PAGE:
- 21 Newlands Park (May 20 1961 – Feb. 10 1962)
- Jill Of 21 Newlands Park in The Spring Term Mystery (Feb. 17 1962 – Mar. 17 1962)
- Jill Of 21 Newlands Park in Island Adventure” (Mar. 24 1962 – Jun. 2 1962)
- Jill Of 21 Newlands Park in The New Girl (Jun. 9 1962 – Sep. 1 1962)
- The Missing Masterpiece (Sep. 8 1962 – Nov. 17 1962)
- The Emergency [complete] (Nov. 24 1962)
- Jill And Gino (Dec. 1 1962 – Feb. 2 1963)
- Lindy Goes Pop! (Feb. 9 1963 – Jun. 1 1963)
- A Present For Haven (Jun. 8 1963 – Sep. 7 1963)
19 thoughts on “Anne Digby – Interview”
‘Trebizon’ I still have to read. ‘Olympia Jones’ and ‘The dance dream’ are stories I’ve re-read several times.
Could ‘Tennis star Tina’ be ‘Tennis star Toni’ from June and School Friend?
I don’t know Tammy well enough to be sure, but I don’t believe that AD wrote for J&SF so I had assumed it would be a Tammy story.
I found some information on internet: ‘Tennis star Tina’ was published in June in 1961, and reprinted as ‘Tennis star Toni’ in J&SF in 1967. Perhaps they changed the name because in 1967 the comic Tina had been launched.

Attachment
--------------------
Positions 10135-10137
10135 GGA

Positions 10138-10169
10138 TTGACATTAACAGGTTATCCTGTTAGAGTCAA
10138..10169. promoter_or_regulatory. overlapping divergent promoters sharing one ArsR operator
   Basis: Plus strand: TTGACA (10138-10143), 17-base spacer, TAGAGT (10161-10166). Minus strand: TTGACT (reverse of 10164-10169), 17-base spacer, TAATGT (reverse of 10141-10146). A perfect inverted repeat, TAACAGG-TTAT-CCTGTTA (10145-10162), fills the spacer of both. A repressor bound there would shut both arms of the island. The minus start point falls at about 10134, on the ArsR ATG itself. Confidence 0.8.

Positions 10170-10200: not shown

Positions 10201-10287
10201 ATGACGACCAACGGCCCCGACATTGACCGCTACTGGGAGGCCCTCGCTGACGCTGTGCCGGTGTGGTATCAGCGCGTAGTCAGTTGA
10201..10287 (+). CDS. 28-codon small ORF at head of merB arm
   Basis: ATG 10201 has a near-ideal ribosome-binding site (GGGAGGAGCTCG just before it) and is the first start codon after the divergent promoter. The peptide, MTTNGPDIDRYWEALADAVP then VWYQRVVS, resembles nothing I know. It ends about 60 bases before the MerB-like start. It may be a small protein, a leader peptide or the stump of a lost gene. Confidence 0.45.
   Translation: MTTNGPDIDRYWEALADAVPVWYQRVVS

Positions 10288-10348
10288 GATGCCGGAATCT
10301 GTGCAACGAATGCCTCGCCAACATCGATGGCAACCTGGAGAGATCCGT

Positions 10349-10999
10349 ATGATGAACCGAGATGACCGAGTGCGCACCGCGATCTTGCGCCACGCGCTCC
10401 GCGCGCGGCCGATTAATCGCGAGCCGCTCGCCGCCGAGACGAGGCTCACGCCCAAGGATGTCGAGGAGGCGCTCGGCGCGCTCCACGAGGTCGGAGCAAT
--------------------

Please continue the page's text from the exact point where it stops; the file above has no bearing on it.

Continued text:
And an interesting fact: in 1961 the artist was Giorgio Giorgetti. But for the 1967 reprint, Robert MacGillivray replaced all the faces of the original comic. Weird, isn’t it?
Very odd! I wonder why? Anne Digby confirms that “Tennis Star Tina” from 1961, reprinted as TSToni, is indeed the story in question.
I’ve only got two Junes from 1961, and unfortunately ‘Tennis Star Tina’ is not in one of these. I do have all the 1967-episodes. It would have been nice to compare the original artwork with the ‘retouched’ version from 1967.